- Complete your CSR
That's all there is to it. It's in everyone's best interest for you to establish a secure website that leverages PKI to its fullest extent, after all.
What is a 'Private Certificate Authority'?
For the vast majority of non-enterprise users, the notion of a private certificate authority will mostly be entirely irrelevant. A private CA is precisely just that: a private CA. One that isn't generally considered to be a trusted third party, and cannot issue certificates outside of the context in which it has been established.
Namely, whereas trusted root certification authorities offer widely available SSL solutions to a massive array of potential customers, a private CA is an onboard issuance system or authority that issues certificates locally, to its own parent company.
Private CAs mostly aren't a consideration for the general consumer
Indeed, many global enterprises have their own private CA that issues certificates so they don't need to resort to a dedicated certificate store.
For large, globally-spanning enterprises that can manage certificates without the help of another trusted third party, it makes perfect sense to set up a dedicated entity that issues certificates for the enterprise's own networking setup.
It also follows that, for a private CA, the general public simply isn't the target audience. It's good to be aware of a private CA's admittedly minuscule role in modern PKI, however.
What is 'Certificate Revocation'? How does that work?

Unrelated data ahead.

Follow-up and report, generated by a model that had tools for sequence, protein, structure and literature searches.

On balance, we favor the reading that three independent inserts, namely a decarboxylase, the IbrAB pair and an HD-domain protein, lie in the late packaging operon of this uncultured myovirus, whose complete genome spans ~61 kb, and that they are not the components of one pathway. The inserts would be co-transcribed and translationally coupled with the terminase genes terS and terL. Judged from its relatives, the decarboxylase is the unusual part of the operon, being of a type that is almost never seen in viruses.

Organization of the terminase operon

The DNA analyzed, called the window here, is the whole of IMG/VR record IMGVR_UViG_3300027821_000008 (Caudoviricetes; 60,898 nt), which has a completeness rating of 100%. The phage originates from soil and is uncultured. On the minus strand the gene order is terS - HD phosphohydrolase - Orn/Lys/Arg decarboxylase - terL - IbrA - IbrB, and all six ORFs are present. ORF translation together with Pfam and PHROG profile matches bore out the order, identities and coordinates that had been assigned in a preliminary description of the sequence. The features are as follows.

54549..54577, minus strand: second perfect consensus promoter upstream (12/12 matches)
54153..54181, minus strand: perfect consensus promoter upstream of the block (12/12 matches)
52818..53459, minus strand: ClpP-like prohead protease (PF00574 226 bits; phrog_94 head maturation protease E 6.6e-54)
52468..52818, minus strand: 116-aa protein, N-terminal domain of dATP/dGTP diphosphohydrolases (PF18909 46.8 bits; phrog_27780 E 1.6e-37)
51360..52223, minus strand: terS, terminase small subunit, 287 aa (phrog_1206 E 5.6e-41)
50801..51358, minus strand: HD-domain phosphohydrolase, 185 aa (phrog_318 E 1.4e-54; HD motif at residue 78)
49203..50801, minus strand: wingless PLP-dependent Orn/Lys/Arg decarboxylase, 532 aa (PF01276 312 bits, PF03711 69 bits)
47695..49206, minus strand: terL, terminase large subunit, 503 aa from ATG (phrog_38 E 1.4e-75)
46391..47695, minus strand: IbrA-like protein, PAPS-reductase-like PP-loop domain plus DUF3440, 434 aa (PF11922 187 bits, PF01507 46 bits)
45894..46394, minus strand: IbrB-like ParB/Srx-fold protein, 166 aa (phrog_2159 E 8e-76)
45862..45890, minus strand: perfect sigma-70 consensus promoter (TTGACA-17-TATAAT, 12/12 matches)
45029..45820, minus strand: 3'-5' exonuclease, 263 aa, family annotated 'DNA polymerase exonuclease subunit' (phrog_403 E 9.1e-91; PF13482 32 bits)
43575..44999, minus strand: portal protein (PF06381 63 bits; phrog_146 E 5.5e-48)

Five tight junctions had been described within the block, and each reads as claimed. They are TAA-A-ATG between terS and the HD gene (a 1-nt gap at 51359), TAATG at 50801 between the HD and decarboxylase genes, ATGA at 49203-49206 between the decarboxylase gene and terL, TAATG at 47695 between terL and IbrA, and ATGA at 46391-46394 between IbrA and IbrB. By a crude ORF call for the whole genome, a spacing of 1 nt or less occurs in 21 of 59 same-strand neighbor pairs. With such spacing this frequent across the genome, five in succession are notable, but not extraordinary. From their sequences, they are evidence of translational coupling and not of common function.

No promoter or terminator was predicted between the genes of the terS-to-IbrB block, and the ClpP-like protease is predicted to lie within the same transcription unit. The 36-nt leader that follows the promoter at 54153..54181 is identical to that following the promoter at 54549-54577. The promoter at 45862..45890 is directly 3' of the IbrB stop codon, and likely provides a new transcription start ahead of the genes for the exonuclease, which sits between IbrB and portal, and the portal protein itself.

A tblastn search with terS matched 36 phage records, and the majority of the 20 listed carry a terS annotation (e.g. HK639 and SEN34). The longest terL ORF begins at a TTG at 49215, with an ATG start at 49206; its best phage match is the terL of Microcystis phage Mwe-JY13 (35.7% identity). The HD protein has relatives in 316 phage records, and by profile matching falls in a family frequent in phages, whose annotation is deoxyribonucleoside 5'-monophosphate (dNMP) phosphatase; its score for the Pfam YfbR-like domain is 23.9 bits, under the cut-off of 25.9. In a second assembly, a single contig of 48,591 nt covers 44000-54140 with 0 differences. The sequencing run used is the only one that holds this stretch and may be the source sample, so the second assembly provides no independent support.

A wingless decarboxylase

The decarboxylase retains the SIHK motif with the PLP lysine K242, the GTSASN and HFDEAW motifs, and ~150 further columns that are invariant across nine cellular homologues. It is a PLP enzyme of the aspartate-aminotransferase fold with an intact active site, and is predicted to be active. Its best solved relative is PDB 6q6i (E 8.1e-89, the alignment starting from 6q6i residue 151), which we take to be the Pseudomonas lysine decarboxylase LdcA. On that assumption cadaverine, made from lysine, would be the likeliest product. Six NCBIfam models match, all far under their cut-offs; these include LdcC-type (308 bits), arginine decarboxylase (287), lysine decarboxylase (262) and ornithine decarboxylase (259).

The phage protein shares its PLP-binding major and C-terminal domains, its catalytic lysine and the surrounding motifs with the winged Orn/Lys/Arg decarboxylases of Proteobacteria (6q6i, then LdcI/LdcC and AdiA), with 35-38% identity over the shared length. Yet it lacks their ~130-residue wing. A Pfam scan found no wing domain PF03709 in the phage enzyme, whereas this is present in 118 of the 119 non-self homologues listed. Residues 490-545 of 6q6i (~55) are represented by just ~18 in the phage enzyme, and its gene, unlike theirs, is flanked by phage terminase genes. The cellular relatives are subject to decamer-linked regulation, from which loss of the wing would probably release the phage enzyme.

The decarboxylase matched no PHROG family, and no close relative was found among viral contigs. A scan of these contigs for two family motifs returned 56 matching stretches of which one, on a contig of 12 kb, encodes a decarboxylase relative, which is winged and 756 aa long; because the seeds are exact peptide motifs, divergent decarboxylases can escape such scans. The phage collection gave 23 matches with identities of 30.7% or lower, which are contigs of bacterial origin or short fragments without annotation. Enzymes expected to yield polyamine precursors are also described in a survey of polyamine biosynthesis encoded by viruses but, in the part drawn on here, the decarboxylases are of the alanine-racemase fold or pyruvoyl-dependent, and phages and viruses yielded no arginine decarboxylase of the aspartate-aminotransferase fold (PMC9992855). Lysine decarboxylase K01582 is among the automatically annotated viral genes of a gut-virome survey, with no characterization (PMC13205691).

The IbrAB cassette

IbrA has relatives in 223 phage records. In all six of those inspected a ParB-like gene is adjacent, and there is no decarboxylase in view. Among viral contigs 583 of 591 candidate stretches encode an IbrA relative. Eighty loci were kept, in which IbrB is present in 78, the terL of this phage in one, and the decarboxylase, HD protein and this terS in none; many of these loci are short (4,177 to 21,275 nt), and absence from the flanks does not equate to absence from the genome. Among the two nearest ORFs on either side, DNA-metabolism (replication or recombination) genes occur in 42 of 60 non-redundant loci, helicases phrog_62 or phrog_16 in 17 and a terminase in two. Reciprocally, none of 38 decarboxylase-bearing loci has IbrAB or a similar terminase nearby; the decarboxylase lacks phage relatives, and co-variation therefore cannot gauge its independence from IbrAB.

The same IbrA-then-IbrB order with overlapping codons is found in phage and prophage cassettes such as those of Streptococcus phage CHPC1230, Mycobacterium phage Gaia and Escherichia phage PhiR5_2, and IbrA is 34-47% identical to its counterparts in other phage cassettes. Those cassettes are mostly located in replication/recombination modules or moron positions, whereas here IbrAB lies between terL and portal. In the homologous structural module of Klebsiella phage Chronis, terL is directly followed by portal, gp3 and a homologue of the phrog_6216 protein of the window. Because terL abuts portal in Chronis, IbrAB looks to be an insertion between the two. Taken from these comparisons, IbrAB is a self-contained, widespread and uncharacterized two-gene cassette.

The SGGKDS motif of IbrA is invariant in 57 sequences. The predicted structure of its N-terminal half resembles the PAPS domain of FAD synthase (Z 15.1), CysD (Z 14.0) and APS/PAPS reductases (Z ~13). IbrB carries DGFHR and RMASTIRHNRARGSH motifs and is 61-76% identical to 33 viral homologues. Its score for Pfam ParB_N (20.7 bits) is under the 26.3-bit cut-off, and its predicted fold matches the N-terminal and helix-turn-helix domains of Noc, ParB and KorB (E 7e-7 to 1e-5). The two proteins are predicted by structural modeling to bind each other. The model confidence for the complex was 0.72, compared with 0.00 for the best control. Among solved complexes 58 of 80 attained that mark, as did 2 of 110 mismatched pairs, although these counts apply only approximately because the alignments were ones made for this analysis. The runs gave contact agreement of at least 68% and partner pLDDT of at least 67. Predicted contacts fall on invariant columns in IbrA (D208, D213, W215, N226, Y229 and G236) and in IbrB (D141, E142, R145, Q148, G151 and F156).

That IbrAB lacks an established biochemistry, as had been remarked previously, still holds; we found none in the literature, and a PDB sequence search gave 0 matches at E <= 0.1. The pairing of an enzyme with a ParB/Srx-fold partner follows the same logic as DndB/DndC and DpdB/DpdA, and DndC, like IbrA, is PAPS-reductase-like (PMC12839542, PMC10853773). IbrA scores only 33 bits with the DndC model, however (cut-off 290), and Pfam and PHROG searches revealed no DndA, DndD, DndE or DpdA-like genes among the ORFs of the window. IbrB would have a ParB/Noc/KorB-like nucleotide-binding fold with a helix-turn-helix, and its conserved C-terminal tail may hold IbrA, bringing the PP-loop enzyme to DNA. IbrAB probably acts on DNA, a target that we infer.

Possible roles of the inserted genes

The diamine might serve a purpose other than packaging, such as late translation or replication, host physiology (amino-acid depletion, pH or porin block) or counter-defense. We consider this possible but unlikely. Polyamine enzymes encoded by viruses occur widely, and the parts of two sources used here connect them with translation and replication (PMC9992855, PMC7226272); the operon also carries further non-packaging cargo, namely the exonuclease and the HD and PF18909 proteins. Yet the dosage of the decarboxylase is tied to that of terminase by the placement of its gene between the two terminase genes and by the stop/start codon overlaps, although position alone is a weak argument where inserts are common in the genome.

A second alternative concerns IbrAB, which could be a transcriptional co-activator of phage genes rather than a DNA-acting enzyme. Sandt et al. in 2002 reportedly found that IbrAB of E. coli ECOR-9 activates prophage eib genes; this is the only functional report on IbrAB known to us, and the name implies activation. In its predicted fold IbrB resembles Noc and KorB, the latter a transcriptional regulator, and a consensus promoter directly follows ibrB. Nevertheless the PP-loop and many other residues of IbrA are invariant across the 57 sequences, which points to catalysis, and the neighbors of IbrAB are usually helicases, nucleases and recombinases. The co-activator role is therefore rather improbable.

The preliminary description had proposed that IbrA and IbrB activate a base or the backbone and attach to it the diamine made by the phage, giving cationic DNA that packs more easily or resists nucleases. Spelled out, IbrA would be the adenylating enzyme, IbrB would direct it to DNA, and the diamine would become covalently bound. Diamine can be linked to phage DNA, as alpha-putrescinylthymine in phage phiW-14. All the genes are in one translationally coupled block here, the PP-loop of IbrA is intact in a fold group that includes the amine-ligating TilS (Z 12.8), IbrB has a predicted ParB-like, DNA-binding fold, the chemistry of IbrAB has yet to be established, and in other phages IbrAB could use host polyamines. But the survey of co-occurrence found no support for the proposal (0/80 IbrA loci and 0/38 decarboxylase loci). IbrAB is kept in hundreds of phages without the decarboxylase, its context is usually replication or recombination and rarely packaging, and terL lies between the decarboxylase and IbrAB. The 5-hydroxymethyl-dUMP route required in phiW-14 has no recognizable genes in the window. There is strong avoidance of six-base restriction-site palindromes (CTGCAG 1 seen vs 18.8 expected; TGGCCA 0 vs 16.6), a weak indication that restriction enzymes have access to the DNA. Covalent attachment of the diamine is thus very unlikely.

We've tangentially covered the topic of certificate revocation on the SSLTrust blog, but the gist of it is that, as cryptography progresses, previously relevant and valuable certificates become outdated. Not just due to progressing security standards, either.
Once a new SSL/TLS solution supersedes its predecessors for whatever reason, the old certificate is added to the certificate revocation list, so that everyone knows it is not to be issued in the future.
Revocation States and Nuances
As per RFC 5280, there are two different states that a "revoked" certificate can be described as.
First, is the actual revocation, where the certificate is indefinitely and irreversibly revoked. There are multiple reasons this could happen to an SSL. For example, in some instances, a CA could improperly issue the certificate and need to offer reparations to affected parties. Alternatively, this could also happen due to someone's inability to adhere to policy requirements, or if the original domain owner is no longer in sole possession of the given domain.
Alternatively, the second revocation state is that of a certificate being temporarily put on hold. This is a reversible status that will invalidate a given SSL solution for a little while, such as in the case of the domain owner potentially losing their private key, or if they suspect that the private key may have been compromised. Either way, once the issue is resolved, the certificate revocation list can be updated, and the SSL on hold can then be reinstated.
We hope this article helps you compartmentalize all the disparate information about certificate authorities that is out there.
Really, it all boils down to the notion of having a trusted third party that maintains the public key infrastructure, and issues domain ownership proof via SSL/TLS certificates. Everything else is optional fluff, for better or for worse, and most domain owners can carry on just fine with knowing the bare minimum.
An informed buyer, however, is a valuable buyer. Simply by using the resources we've provided here you can figure out what the very best CA and SSL may be for you specifically. That way, you won't overspend on a certificate that would underdeliver.